Lipton’s Journal/December 31, 1954/136
Years ago, working with Malaquais on Character of the Victim, I said to him “The saint can be portrayed only by showing his sins.” How right I was. So Marion comments on Eitel’s movie which he sees in jail.
- A Polish Jew (real name Vladimir Malacki) whose parents perished in the Holocaust, Jean Malaquais (1909-98) was a veteran of the Spanish Civil War. Mailer has often said that Malaquais influenced him intellectually more than anyone else. They met in Paris in 1947 and became close friends a year later when Malaquais was translating The Naked and the Dead into French. Malaquais and his first wife Galy lived with the Mailers when they spent a year in Hollywood, 1949-50. During their time together, Malaquais, who wrote several novels, informally tutored Mailer on leftist thought and the history of the Russian Revolution. See Mailer’s “My Friend, Jean Malaquais,” an introduction to Malaquais’s 1954 novel, The Joker, rpt., Pieces and Pontifications.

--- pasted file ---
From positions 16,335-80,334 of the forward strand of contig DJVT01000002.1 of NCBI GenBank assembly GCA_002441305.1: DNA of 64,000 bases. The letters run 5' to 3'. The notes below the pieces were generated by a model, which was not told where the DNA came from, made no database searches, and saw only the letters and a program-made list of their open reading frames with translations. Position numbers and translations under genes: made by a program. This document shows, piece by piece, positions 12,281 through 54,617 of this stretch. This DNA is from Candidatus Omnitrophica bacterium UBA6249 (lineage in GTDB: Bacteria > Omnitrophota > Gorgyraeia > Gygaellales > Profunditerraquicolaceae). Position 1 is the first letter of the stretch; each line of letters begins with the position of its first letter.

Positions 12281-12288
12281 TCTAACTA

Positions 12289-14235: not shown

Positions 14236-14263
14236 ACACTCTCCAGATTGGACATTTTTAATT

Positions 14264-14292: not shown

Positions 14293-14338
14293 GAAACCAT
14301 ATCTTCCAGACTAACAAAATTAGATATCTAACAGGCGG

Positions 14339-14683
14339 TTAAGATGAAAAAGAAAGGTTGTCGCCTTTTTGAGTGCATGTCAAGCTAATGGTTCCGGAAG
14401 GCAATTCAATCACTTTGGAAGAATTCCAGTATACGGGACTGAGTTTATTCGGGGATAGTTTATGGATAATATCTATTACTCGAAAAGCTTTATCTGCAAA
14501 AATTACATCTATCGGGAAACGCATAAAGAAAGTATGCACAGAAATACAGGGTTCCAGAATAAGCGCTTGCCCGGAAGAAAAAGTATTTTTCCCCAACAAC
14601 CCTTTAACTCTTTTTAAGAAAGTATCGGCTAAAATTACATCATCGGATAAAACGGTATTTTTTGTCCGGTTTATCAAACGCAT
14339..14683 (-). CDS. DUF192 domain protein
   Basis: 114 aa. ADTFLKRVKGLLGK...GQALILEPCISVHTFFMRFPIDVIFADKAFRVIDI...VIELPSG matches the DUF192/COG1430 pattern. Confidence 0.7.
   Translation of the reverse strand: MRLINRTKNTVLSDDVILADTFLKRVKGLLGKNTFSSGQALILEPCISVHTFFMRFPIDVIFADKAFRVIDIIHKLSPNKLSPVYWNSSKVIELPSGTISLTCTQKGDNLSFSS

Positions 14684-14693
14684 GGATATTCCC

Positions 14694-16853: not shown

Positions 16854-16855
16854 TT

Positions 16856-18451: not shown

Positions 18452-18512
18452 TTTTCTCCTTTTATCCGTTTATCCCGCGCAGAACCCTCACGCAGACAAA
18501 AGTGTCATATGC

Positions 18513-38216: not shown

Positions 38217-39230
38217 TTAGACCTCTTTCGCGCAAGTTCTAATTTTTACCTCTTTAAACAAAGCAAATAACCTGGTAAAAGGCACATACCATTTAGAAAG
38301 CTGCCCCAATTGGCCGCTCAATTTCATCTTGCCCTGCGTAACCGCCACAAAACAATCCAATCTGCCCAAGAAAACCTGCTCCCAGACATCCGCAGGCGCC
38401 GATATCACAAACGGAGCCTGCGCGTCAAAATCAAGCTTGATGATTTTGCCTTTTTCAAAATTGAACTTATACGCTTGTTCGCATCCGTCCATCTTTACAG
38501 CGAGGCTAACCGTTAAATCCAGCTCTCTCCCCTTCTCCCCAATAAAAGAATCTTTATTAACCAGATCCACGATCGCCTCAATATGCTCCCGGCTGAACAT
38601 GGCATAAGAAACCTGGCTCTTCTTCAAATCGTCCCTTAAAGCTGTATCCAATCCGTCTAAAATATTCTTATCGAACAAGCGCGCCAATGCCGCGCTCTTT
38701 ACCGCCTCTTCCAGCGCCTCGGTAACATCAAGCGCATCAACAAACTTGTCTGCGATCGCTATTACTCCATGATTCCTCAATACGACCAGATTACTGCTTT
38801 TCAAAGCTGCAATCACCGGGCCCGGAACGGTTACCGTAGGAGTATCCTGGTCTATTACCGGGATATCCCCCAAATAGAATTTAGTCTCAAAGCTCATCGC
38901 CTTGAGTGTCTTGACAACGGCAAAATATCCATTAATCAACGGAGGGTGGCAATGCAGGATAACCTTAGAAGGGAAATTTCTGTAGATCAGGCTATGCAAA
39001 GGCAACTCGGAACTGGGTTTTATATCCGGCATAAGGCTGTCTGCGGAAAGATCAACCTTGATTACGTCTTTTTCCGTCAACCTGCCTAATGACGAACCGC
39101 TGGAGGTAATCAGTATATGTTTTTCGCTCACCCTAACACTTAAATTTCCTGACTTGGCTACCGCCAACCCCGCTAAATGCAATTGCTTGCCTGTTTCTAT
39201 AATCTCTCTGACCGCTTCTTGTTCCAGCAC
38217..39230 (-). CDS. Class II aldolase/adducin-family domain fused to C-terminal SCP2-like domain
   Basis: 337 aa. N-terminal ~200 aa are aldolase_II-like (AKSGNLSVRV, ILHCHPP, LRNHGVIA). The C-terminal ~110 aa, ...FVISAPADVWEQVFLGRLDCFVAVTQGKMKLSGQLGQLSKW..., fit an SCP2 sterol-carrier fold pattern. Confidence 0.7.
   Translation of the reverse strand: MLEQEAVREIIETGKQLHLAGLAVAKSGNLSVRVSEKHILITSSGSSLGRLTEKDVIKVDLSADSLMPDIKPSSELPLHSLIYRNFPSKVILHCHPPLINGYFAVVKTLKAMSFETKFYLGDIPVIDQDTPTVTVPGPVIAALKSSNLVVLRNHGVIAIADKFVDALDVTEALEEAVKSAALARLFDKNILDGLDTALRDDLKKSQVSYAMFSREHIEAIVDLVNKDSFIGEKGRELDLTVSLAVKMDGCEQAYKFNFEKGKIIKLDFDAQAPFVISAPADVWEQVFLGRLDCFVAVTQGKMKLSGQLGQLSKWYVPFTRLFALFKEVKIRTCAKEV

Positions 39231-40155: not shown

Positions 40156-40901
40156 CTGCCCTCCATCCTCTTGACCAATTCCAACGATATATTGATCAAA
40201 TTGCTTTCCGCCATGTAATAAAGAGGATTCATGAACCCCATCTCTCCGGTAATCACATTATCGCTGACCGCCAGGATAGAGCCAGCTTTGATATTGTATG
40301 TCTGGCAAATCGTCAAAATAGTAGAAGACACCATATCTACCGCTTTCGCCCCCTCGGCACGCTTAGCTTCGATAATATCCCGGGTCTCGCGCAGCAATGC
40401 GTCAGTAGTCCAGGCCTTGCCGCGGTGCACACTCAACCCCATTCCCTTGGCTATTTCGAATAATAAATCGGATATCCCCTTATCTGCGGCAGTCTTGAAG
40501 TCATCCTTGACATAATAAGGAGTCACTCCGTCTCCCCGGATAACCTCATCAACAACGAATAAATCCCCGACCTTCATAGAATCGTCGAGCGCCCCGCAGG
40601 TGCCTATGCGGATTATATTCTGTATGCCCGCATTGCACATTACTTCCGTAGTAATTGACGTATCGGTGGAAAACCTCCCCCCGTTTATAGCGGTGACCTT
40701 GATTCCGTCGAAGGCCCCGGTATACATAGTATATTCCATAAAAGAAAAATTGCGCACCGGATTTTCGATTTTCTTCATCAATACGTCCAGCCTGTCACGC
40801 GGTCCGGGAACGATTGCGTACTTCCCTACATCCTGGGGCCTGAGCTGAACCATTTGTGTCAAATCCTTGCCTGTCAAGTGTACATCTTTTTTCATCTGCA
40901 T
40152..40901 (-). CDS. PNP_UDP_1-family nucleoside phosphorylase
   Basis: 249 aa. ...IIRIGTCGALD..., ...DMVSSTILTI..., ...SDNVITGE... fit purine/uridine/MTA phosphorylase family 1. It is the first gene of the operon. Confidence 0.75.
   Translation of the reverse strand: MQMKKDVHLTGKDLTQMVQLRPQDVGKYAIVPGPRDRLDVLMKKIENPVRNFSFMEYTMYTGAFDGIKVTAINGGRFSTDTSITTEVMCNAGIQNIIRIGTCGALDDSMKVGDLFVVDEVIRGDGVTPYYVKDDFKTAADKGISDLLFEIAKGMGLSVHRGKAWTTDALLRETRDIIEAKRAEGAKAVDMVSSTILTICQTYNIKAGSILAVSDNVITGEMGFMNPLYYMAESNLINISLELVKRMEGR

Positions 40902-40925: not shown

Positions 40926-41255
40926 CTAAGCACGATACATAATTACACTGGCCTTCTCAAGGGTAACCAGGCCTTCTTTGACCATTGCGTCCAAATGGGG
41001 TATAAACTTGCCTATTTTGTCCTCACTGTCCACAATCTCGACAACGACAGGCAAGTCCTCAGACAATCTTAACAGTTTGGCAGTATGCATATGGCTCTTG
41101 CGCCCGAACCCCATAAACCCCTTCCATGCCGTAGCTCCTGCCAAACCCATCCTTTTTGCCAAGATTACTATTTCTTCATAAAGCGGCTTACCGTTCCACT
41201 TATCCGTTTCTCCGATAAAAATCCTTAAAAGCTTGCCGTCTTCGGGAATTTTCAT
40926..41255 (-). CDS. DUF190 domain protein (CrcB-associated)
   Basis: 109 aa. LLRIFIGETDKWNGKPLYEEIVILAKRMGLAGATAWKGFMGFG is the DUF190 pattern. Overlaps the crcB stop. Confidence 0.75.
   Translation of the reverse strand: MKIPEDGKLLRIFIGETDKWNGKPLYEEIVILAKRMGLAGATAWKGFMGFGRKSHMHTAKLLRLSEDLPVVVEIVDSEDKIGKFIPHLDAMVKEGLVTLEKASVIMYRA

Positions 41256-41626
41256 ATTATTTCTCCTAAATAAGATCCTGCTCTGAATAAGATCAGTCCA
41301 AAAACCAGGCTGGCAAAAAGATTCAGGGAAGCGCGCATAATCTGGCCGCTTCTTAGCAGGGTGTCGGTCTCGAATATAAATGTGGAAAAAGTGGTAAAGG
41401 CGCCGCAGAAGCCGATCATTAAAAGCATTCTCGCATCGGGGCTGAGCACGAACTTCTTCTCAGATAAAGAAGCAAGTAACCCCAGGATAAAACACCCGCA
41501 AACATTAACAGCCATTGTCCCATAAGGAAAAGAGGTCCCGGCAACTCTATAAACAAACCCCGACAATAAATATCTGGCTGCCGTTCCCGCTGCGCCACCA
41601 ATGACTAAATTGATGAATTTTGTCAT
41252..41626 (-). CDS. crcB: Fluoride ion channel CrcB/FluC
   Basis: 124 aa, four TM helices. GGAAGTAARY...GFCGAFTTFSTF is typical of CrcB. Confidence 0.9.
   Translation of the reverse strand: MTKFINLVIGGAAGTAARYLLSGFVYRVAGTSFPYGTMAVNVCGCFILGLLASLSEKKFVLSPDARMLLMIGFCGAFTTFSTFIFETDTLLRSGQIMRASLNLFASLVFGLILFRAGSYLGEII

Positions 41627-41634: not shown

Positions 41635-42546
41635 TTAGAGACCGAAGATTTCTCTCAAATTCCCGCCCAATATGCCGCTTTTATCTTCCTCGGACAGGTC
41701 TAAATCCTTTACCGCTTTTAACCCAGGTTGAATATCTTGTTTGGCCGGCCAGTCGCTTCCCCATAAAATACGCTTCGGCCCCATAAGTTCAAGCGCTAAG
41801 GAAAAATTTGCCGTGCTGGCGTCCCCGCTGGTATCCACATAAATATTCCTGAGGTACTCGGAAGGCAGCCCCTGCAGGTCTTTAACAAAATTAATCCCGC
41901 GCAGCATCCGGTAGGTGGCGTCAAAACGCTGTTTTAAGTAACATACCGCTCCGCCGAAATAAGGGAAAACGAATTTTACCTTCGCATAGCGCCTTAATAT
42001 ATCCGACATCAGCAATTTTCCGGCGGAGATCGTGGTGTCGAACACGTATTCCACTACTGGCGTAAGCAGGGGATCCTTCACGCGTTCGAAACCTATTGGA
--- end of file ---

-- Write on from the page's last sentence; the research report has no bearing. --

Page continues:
- A screenplay based on Nathanael West’s 1933 novel, Miss Lonleyhearts, that Mailer and Malaquais worked on during their 1949–1950 year in Hollywood. It was never made.
- Mailer’s anti-hero for a post-Hiroshima world in The Deer Park, Faye (son of Dorothea O’Faye, a former singer who presides over a drunken salon in Desert D’Or, Mailer’s name for Palm Springs, California), is the archetypal hipster. A bisexual pimp and drug dealer, he is the novel’s dark conscience, the polar opposite of Charles Eitel. Mailer planned to use Faye as a centripetal character in the seven novels that he planned and failed to write as sequels to The Deer Park.
- Charles Francis Eitel (I-tell is the pronunciation), the protagonist of The Deer Park, is a blacklisted film director, who names former communists to a congressional committee.